Sunday’s tours took participants further afield. TCLF Stewardship Council member Steven Keylon collaborated with Jessa Chisari and John Fishback of Rios Clemente Hale Studios on a walk through the Modernist Los Angeles Civic Center, a twelve-acre mall designed by the firm Cornell, Bridgers and Troller in 1956. Flanked on one end by City Hall and on the other by the Department of Water and Power and the Music Center, Cornell’s Grand Park provides the central axis of the complex. Exemplifying his adept use of plants and water, Civic Center provides valuable public space for flexible programming ranging from large gatherings to intimate garden rooms.

Civic Center

Pomona College
(upper) Los Angeles Civic Center tour; (lower) Pomona College;
photos by Matthew Traucht
Beyond Los Angeles, four tours in Pasadena provided participants a different view of Cornell’s design philosophy of public space. Taken together, tours of Central, Memorial, La Pintoresca, and Washington Parks illustrated that Cornell designed diverse, neighborhood-scale places for passive and active recreation. Drawing on local cultural and ecological histories, Cornell’s Picturesque and Beaux Arts designs for these parks, developed in the 1920s, utilize topography as well as native and exotic plants to create landscapes that are still well-loved by their users. In Claremont, tours of Pomona College and the Harvey Mudd College campuses allowed participants to view two very different Cornell landscapes. Cornell, who had attended Pomona, worked from 1919 to 1965 to develop his “campus in a garden” landscape of framed vistas, quiet study spaces, and formal courtyards distributed across the 140-acre Beaux Arts campus. Next door at Harvey Mudd College, Cornell worked with Modernist architect Edward Durell Stone and Modernist landscape architect Thomas Church from the 1950s through the 1970s to create a linear design that relied less on discrete moments and more on a cohesive processional. Also on Sunday, participants visited Hillside Memorial Park in Culver City for a tour led by Steven Keylon and Jill Glasband, Director of Community Outreach at Hillside. With a dramatic 120-foot cascade and extensive plantings of pine, olive, magnolia, and flowering shrubs, the 45-acre park stretches elegantly across rolling terrain. Lastly, at Rancho Los Cerritos in Long Beach, Cornell-scholar and horticulturalist Marie Barnidge-McIntyre provided two tours of the Mediterranean-style National Historic Landmark-listed property. Having worked there for 22 years, Marie provided participants first-hand accounts of the challenges of maintaining the site but eloquently conveyed her love for the landscape and respect for Cornell’s design philosophy.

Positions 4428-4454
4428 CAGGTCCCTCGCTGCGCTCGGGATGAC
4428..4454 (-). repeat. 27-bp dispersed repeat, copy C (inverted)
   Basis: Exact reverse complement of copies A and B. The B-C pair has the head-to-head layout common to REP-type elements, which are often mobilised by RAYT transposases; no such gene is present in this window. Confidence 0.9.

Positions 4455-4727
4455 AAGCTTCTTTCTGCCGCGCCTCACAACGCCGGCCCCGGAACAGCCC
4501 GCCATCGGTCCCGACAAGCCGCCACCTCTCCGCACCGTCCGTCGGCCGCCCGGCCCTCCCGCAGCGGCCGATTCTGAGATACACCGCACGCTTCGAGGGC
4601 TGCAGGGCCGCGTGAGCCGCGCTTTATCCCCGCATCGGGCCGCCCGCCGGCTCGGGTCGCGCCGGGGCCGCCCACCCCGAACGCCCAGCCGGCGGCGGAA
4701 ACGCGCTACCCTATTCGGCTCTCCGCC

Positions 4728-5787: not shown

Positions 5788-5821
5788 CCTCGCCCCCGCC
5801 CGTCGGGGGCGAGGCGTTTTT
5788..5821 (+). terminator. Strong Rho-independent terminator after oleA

What’s Out There Weekend – The Public Landscapes of Ralph Cornell provided us valuable insights into the work of this significant artist. The well-attended lecture, exhibit, and tours illustrated that the public is excited to experience these landscapes and learn more about Cornell’s legacy. Without the support of our sponsors, partners, volunteers, and guides, this simply would not have been possible. We greatly appreciate lead sponsor Bartlett Tree Experts, presenting sponsors California Garden & Landscape History Society, Los Angeles Conservancy, ParkWest, SWA Group, and UCLA Library, and the numerous other partners who supported the program. We were delighted to receive a financial gift from Mrs. Rosita Cornell Smith that will be used to produce a guidebook featuring new photography and detailed text about all of the Weekend’s featured landscapes. The book will available as a print publication and as a free, downloadable PDF.

What’s Out There Weekend – The Public Landscapes of Ralph Cornell  has illustrated that the interest for designer-focused Weekends is strong so look for future events. As 2014 draws to a close we are looking forward to What’s Out There Weekend events next year with Newport, Toronto, Denver, and Austin on the horizon.